• Statista.com states that in 2020, there were 5,234 self-storage facilities in Texas, making it the state with the highest number of such facilities in the United States. California also had a high number, with 3,728 self-storage facilities.
How can clutter affect the sale of a trust (actually, any) property?
There are three ways “clutter” can affect the sale of trust or conservatorship properties.
1. It slows everything WAY down. The clutter has to be moved out of the house and off the property somehow. Depending on (a) How much clutter there is, (b) How much is NOT clutter, and (c) How much is a fire or health hazard, the fact is, it will take time to sort out which is which. Keep reading.
2. There may be value in the clutter. This is the scariest part. One of our clients found a $50,000 life insurance policy buried under a stack of recipes in the kitchen. It’s part of #1. It may not be prudent to toss everything in the dumpster without looking at it. And it’s a good idea to take a peek at another of our posts, Avoiding Common Mistakes in Selling Probate Real Estate. Leaving the home vacant for too long is not recommended.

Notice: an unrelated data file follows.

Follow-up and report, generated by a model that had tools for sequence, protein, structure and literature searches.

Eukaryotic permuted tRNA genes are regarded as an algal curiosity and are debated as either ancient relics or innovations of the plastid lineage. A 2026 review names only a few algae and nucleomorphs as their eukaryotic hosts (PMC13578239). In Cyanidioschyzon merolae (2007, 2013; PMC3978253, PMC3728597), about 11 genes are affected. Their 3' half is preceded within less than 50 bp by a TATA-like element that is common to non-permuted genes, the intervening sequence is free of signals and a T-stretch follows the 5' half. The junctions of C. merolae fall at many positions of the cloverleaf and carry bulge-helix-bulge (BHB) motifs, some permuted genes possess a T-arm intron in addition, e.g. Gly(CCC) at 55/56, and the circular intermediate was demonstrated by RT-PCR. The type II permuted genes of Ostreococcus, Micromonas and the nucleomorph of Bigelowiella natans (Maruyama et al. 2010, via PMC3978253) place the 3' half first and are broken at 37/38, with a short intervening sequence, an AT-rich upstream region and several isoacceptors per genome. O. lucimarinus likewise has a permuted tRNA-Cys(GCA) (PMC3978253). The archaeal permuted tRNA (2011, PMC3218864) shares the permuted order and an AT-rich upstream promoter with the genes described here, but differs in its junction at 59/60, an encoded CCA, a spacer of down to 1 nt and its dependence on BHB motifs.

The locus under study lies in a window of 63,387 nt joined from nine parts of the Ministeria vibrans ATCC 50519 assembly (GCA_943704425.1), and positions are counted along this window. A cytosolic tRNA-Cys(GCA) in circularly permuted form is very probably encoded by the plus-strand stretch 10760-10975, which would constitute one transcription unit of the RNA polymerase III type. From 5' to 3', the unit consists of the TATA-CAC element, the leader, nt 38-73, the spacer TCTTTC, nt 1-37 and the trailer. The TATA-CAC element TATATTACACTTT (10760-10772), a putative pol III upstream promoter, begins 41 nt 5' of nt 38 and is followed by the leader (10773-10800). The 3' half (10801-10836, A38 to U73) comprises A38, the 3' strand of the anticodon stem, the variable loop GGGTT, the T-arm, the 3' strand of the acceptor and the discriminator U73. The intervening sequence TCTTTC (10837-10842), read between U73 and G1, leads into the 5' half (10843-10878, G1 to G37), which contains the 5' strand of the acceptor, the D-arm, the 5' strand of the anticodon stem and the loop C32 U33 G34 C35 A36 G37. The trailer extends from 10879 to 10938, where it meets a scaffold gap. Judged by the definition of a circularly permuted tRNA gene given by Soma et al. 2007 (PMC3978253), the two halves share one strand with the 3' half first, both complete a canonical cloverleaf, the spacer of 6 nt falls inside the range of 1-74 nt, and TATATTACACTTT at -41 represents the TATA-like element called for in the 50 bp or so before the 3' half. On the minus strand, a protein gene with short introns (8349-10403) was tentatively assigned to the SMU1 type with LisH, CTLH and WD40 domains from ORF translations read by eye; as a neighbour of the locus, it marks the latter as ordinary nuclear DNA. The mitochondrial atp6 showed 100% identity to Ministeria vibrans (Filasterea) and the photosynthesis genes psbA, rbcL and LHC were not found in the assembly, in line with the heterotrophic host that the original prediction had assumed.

3. You may not be able to sell the home “as is.” According to this website, clutter can cause safety hazards that can cause people to trip. Excessive clutter can hide foods that could attract rodents and bugs that carry diseases. Also, paper, clothing, and cardboard items are highly flammable. Again. It’s part of #1—slowing down the sale—but with a different kind of urgency.
As you have seen in many of our posts, selling a home in probate is a long process already.
How can you avoid this “surprise”?